The Nexus of Privacy at the turn of the year
With some teasers about stories in the works ...
Happy 2023 everybody!
The start of the year's a good time to reflect on the Nexus of Privacy's focus in 2022 – and think about what to do differently in the upcoming year. Here's how I originally framed it back in June in Welcome to The Nexus of Privacy:
The Nexus Of Privacy is a website and newsletter focused on different perspectives on privacy, including technology, policy, activism, and strategy.
At a high level, that's held up pretty well! Privacy News roundups routinely cover technology and policy; longer posts on including federal privacy legislation, FTC comments, ShotSpotter, and Mastodon discuss activism and strategy as well as technology and policy.
Looking at it in more detail, though, there's room for improvement: most of the technology deeper dives have focused on automated decision systems and Mastodon, and there's been a lot less on privacy technologies and business strategy around privacy. So that's something I hope to focus on more in 2023 – starting with Data Privacy Week in late January.
I'm still working on finding the right format and tempo for the Privacy News updates. The half-dozen or so links where I summarize and provide context take the bulk of the time writing it ... but subscribers generally tell me they find this very valuable, often more so than the (much less- time-consuming) laundry list of links. Over the fall I was doing two to three Privacy News stories per week; I could move down to one per week or update it to daily. Once the new year starts up for reals I'll run some polls to try to get a better feel for what people want.
Beyond that ... well, here's a list of some of the longer posts currently in draft form. For calibration, some of my posts stay in draft form for years, so there's no guarantee when these will appear. Still, this gives an idea of what's in the works.
- A discussion of The Rise of Privacy Technology (TROPT) Tech Stack Whitepaper. With hundreds of privacy tools out there, TROPTs structure helps bring clarity to the complexity of the landscape. Just as valuable are the perspectives from privacy domain experts on the biggest challenges facing privacy tech (and potential solutions), privacy tech trends, visions of the privacy tech future, and a privacy tech buyer "wish list".
- A longer look at the policy questions Twitter's new management's actions highlight – and an evaluation of how well different legislation addresses them. ADPPA and Twitter: eight questions and an elephant was a prototype for this post, with a shorter list of quesitons and focusing narrowly on the proposed American Data Privacy and Protection Act; but it's also interesting to look at proposed Washington state regulations as well as how other states and the EU handle these situations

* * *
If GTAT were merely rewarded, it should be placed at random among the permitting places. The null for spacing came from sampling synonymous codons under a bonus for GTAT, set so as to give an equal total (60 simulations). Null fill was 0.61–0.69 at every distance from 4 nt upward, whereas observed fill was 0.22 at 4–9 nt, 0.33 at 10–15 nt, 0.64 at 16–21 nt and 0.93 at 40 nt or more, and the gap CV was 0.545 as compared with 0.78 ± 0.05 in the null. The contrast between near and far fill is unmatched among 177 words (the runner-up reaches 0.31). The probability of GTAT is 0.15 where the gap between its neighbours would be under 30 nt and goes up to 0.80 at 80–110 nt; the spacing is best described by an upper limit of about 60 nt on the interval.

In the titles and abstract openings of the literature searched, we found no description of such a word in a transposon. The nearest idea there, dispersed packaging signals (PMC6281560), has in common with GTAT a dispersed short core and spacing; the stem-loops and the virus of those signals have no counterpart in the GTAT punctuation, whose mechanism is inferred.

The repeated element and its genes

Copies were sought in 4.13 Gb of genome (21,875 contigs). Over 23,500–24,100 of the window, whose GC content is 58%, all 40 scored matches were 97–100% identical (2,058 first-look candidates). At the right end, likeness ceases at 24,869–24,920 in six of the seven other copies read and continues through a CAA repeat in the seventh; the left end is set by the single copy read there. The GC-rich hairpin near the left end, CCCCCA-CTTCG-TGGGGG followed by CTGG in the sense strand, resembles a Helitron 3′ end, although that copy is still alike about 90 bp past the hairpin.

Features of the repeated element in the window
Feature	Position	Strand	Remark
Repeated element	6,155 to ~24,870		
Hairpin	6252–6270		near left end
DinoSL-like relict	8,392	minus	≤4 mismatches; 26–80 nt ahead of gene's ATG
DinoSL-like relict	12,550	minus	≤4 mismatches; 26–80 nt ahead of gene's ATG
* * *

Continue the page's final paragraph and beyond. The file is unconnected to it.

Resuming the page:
- Applying social threat modeling techniques. Mastodon provides some great examples here; Mastodon privacy: you can’t really opt out of search engine indexing and Black Twitter, quoting, and white views of toxicity on Mastodon both have some analysis along these lines, but more structured thread modeling could be very useful.
- A Washington state legislative session preview for privacy and tech justice legislation, similar to The stakes are high: Washington state privacy, facial recognition, and automated decision systems legislation 2021 (on jedii.tech). This year, we'll have the My Health My Data bill, a new version of the People's Privacy Act, yet another try at automated decision systems regulation, and who knows what else.
- Looking at Mastodon, the fediverse, and other independent social networks. Twitter's deterioration under the new Chief Twit – and the mounting regulatory pressure on Facebook – mean that there are a lot of opportunities here! As well as revising Mastodon: a partial history (DRAFT), I'm also planning on talking more about strtaegy moving forward.
- Key recommendations for business decision makers based on current privacy trends. Some are straightforward but very important: invest in compliance (because more and more states have regulations going into force, and California and the EU are flexing their enforcement muscles), privacy by design (because it's cheaper and more effective to think about privay issues up front and holistically), and privacy tech. Others relate to exploring new business models and social network dynanics.
If any of those sound particularly interesting to you – or if there are other topics you think are important that I should also cover – please let me know.
And while I didn't make a big deal of it in 2022, I'm also available for consulting work (and would consider a part- or full-time employee role). It's tricky because I have a lot of strengths and interests: strategy, software engineering (especially the interaction between with justice and equity, but also engineering processes and reliable software), social networks, automated decision systems, organizing, and of course privacy. I'm still wrestling with how to best to present that ... but if you're looking for help in any of those areas, please get in touch!
A lot happened on the privacy and tech justice front in 2022 and I expect there will be even more in 2023, so it should be a very interesting year. Stay tuned for more!